Statistics will help you build a pitch for new initiatives to support for bring-your-own-device (BYOD). Companies are embracing BYOD at record rates but struggling with security and enterprise integration. The BYOD statistics can help you sell new customer opportunities.
Here are some market BYOD statistics to help you sell BYOD support:
The BYOD Market Opportunity
The BYOD statistics show that the market continues to rise with no end in sight. And because of the BYOD boom, ancillary opportunities such as wireless LAN (WLAN) networking are booming as well:
- The global market for BYOD will increase from $67.21 billion in 2011 to about $181.39 billion by the year 2017 (from MarketsandMarkets).
- North America has the largest market share of BYOD adopter with 36.10 percent of the global market in 2011. That 36.10 percentile is expected to grow from $24.26 billion in 2011 to $58.6 billion in 2017 (from MarketsandMarkets).
- 67 percent of workers already use their personal devices in the workplace according to Microsoft (as reported by CBS MoneyWatch).
- 60 percent of companies supported BYOD in 2013 and 90 percent are predicted to support BYOD in 2014 (from Exinda).
- 50 percent of companies will require employees to provide their own devices for their jobs by the year 2017 (as reported by Gartner).
- The WLAN market continues to boom with growth of 13.7 percent in the third quarter of 2013, largely because of BYOD (according to IDC).
- 80 percent of corporate WLANs will become obsolete by 2015, largely because they will have to have 300 percent more wireless access points to accommodate BYOD (from a Gartner report).
The Benefits of BYOD
The BYOD statistics also show that corporations have good reason to jump on the bring-your-own-device bandwagon. The payoff in increased productivity and reduced operating costs outweigh the added risks for many organizations:
- 69 percent of IT decision makers in the U.S. (and up to 88 percent in some countries) feel BYOD is a good thing and is a positive move for their organization (from a Cisco study).
- Workers are more productive using their own hardware; U.S. workers save an average of 81 minutes per week by using their own devices (from a Cisco study).
- 49 percent of users say they are more productive using their own devices (from Forbes)
- The top three reasons employees use their own devices are: a) they get more done, b) they combine work and personal activities, and c) their companies don’t provide personal devices (from FierceMobileIT).
- For mobile users, basic BYOD delivers an average annual value of $350 for companies. With a comprehensive, reactive BYOD program, that gain jumps to $1,300 per mobile user per year (from a Cisco study).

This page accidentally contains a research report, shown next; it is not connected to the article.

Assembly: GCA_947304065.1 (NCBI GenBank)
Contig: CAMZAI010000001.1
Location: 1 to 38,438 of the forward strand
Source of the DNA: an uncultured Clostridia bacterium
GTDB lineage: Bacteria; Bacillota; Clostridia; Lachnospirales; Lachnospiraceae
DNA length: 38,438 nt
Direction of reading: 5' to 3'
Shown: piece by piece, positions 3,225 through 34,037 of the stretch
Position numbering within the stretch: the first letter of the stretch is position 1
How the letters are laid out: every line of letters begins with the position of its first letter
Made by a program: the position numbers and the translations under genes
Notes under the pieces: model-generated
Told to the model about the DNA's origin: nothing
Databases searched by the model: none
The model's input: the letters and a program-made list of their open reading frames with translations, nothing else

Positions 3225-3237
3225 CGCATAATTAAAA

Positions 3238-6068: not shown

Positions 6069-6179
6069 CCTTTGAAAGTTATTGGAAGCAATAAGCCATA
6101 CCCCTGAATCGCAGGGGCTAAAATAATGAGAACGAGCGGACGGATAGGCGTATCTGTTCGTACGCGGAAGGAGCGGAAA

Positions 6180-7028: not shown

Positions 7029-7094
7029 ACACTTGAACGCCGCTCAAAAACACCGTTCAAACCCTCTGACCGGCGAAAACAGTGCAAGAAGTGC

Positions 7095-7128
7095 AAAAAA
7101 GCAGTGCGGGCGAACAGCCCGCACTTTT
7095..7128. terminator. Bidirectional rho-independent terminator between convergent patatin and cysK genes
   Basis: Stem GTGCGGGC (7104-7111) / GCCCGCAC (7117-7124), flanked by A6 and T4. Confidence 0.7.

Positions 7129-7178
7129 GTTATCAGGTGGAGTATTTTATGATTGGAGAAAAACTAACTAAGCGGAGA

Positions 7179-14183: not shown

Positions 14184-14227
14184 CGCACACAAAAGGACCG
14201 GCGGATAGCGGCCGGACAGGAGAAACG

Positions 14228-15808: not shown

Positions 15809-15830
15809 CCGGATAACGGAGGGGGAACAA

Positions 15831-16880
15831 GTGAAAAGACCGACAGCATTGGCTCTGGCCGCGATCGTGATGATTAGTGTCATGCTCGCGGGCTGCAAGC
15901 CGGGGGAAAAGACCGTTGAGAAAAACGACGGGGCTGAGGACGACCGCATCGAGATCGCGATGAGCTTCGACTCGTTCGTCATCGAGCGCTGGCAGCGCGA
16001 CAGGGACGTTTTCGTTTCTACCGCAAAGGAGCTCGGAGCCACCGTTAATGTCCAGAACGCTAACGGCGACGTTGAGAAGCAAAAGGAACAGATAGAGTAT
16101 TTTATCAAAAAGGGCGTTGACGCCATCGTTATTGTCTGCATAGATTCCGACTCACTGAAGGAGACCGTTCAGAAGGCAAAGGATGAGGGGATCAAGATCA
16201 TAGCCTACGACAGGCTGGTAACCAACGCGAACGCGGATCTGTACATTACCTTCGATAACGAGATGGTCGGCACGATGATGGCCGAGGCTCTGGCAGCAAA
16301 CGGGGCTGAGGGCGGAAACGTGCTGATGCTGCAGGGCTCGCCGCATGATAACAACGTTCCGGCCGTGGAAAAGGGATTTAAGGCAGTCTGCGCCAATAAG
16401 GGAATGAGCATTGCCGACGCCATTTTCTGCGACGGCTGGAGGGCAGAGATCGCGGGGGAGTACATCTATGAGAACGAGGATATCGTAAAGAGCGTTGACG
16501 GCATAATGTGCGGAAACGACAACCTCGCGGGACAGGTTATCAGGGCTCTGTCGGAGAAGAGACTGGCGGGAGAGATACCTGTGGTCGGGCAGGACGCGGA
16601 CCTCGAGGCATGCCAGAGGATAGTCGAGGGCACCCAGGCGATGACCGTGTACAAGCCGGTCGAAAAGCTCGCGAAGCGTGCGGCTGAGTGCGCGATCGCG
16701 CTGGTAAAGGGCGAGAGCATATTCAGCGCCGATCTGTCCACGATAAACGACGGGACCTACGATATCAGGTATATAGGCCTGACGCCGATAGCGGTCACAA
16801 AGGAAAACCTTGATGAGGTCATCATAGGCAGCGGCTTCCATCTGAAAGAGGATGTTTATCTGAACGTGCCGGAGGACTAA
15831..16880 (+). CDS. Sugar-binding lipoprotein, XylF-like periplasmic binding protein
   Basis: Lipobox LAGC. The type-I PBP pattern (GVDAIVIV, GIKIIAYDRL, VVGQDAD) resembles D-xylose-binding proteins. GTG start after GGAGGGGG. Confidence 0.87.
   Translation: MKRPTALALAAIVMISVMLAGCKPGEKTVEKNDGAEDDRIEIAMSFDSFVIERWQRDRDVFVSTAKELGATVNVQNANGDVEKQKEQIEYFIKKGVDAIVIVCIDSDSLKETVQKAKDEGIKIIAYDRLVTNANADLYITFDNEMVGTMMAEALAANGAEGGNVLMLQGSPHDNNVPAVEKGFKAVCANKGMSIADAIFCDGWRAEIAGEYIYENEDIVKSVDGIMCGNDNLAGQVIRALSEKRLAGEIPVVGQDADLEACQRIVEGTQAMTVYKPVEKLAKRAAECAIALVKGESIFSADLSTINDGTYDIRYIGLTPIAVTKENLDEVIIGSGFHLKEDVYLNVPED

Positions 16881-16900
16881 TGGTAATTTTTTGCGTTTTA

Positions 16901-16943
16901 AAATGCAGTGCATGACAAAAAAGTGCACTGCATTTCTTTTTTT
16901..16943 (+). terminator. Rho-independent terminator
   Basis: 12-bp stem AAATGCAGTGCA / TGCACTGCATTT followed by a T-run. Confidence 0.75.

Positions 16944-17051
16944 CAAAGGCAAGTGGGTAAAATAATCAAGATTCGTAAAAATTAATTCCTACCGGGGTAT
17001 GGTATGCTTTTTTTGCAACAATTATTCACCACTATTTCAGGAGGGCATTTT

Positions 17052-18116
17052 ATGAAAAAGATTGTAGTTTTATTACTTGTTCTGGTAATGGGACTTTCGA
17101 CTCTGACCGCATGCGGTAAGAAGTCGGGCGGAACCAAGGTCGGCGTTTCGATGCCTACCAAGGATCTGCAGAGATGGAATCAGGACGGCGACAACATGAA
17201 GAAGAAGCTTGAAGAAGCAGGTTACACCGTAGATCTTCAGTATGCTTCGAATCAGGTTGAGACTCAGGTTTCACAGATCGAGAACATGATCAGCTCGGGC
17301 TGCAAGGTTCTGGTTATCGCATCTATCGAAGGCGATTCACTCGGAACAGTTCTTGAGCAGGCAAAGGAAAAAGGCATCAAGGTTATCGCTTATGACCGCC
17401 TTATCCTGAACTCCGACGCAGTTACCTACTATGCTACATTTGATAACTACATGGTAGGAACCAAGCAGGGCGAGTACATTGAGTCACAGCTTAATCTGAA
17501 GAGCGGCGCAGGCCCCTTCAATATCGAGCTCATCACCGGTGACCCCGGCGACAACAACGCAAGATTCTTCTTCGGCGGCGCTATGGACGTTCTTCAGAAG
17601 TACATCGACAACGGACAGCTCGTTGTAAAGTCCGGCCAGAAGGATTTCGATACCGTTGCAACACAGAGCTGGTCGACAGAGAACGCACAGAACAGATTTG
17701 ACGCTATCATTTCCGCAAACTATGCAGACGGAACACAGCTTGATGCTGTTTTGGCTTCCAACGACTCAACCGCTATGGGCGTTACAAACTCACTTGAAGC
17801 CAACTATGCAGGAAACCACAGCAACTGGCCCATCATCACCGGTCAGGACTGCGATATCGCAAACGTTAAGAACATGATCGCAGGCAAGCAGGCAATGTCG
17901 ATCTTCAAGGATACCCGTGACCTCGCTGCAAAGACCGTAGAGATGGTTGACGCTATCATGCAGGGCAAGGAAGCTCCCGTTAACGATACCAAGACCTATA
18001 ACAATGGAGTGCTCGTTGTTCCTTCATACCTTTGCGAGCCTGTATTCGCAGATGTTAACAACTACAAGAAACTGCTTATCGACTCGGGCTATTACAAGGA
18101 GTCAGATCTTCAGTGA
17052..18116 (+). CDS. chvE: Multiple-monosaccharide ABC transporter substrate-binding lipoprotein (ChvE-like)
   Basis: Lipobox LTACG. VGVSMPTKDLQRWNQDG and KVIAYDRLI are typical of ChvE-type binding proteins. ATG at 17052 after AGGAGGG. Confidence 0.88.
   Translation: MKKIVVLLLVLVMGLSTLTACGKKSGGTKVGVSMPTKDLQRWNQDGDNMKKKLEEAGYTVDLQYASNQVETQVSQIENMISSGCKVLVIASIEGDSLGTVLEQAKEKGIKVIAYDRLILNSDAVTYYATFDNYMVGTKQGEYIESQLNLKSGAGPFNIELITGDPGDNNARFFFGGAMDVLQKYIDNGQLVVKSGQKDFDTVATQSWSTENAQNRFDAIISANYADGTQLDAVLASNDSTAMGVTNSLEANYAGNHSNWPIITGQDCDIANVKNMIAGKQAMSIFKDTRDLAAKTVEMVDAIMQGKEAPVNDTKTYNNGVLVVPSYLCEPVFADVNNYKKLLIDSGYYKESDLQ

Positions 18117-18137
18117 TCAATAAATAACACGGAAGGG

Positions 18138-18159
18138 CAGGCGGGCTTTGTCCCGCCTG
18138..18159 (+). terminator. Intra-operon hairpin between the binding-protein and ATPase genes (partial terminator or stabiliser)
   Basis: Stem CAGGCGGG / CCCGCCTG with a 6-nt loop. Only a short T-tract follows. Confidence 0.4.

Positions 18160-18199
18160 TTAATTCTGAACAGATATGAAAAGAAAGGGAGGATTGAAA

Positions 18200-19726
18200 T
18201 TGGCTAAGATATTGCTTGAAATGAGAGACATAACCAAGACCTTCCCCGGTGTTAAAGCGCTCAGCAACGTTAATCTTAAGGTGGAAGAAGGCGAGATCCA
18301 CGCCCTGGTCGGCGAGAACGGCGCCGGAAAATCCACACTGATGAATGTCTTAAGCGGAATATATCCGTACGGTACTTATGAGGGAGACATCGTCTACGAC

Increased Worker Satisfaction
The BYOD statistics also show that allowing employees bring their own devices to work makes them happier:
- 78 percent of workers believe that using a single mobile device for data access helps them balance their professional and personal lives (from Samsung).
- 82 percent of workers surveyed believe that smartphones will play a “critical role” in employee productivity in the years to come (from an IBM survey).
- 43 percent of corporate users are “very unwilling” to give up the use of data-intensive smartphone apps like Spotify or Pandora in order to access company data (from Exinda).
- 49 percent would opt out of accessing the company network if it meant giving up Android Backup Manager or iCloud access (from Exinda).
Security and Corporate Risk from BYOD
Security continues to be the biggest challenge to implementing BYOD:
- The global BYOD security market is expected to grow at a CAGR of 31.95 percent between 2013 and 2018 (as reported by MarketResearchReports.biz)
- 35 percent of workers say they store their work passwords on their smartphone (according to SecureEdge Networks).
- 77 percent of employees have received no instruction in the risks of using their own devices at work (from AllThingsD).
- Less than 10 percent of all organizations report they have complete awareness of what devices access their networks (SecureEdge Networks).
Clearly there is room for new initiatives to support BYOD. Whether customers need to upgrade their WLAN, rethink their security strategy, or deal with new integration challenges to support a growing number of mobile users, it’s up to VARs and system integrators to help them integrate consumer devices in a secure and productive way.
What’s your biggest market opportunity from BYOD? Is there a specific aspect of the market you are targeting to help your customers deal with the BYOD conundrum?